My first column is up at Urban Faith. It was inspired by the International Arts Movement’s Encounter 10 gathering. That’s one of the speakers, David Sacks, talking about his gorgeous photography work in the photo above. I interviewed philanthropist Roberta Ahmanson at the Four Seasons Hotel after she spoke at Encounter 10. Her talk reminded me of a book club selection from the High Calling Blogs network so I incorporated a bit of that into my column. The interview with Roberta was so fascinating that I pitched my editors at Christianity Today on using it as the foundation for a profile of her instead of just running the interview. They agreed and are sending me to Southern California next month to build on it. This is how my work often comes together.
Here’s a clip from “The Art of Urban Ministry,” which combines Roberta’s thoughts with my own and Bill Strickland’s and the Apostle John’s.
In his memoir, Make the Impossible Possible, entreprenuer Bill Strickland describes the images of his earliest memories. He writes, “What I saw as I walked to school each day was an unbroken landscape of decay that taught me indelible lessons about hopelessness and defeat no matter where my gaze fell.”
Home was different. There Strickland’s mother enlisted her children’s help in keeping their simple abode neat and clean. In high school, a teacher named Frank Ross introduced Strickland to the art of making pottery. It changed his life. With the support of patrons, Strickland founded the Manchester Craftsman’s Guild when he was just 19 years old.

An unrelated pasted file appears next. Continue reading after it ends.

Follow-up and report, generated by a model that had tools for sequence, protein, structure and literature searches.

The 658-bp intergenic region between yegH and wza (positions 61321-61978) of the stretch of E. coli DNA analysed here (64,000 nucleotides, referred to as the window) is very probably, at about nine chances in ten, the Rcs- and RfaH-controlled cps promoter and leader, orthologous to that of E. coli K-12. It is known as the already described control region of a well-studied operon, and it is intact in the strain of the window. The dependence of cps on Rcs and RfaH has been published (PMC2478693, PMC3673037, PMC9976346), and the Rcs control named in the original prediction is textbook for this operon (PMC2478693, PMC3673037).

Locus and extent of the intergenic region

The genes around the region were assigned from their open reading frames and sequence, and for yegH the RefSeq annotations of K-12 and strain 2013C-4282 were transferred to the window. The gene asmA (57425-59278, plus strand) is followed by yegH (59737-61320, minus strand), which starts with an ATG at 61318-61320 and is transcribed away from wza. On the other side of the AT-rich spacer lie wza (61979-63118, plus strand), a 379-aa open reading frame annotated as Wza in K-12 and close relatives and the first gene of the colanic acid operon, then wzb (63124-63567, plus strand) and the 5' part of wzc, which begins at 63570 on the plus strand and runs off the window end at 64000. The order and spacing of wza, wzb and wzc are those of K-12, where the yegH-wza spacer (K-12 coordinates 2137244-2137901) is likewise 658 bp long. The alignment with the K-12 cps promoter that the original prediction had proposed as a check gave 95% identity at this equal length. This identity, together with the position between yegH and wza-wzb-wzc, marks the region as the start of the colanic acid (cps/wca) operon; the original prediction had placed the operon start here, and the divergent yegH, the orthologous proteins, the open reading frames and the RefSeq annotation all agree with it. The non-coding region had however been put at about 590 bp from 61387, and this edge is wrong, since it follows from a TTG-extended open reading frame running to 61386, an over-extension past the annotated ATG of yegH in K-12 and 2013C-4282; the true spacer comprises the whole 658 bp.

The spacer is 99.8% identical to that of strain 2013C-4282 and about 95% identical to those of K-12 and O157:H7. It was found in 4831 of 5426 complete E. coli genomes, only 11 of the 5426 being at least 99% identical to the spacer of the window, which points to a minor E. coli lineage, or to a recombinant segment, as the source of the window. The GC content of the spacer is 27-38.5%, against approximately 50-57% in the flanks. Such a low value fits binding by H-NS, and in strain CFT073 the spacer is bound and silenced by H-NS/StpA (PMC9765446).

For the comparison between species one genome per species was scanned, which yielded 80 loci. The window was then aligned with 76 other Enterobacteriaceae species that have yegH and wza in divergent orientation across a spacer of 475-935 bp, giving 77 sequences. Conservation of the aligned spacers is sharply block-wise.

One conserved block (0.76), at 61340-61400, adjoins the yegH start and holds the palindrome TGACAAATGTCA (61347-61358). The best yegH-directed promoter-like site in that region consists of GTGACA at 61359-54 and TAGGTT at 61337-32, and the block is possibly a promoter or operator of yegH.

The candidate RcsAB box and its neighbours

Today Strickland presides over the Manchester Bidwell Corporation, a gleaming, expansive community arts and jobs training center in his hometown of Pittsburgh, Pennsylvania. Of this space he writes, “Anyone who knew me could see straight off that the place was built to offer our students the same rich experiences that had turned my life around. There was clay. There were art and photography. After a while, there were gourmet food and flowers…. And it was all housed in a sleek, clean, sunlit space that had been meticulously designed down to the last detail, to give our students the same sense of self-worth and possibility that Frank Ross’s classroom had nurtured in me.”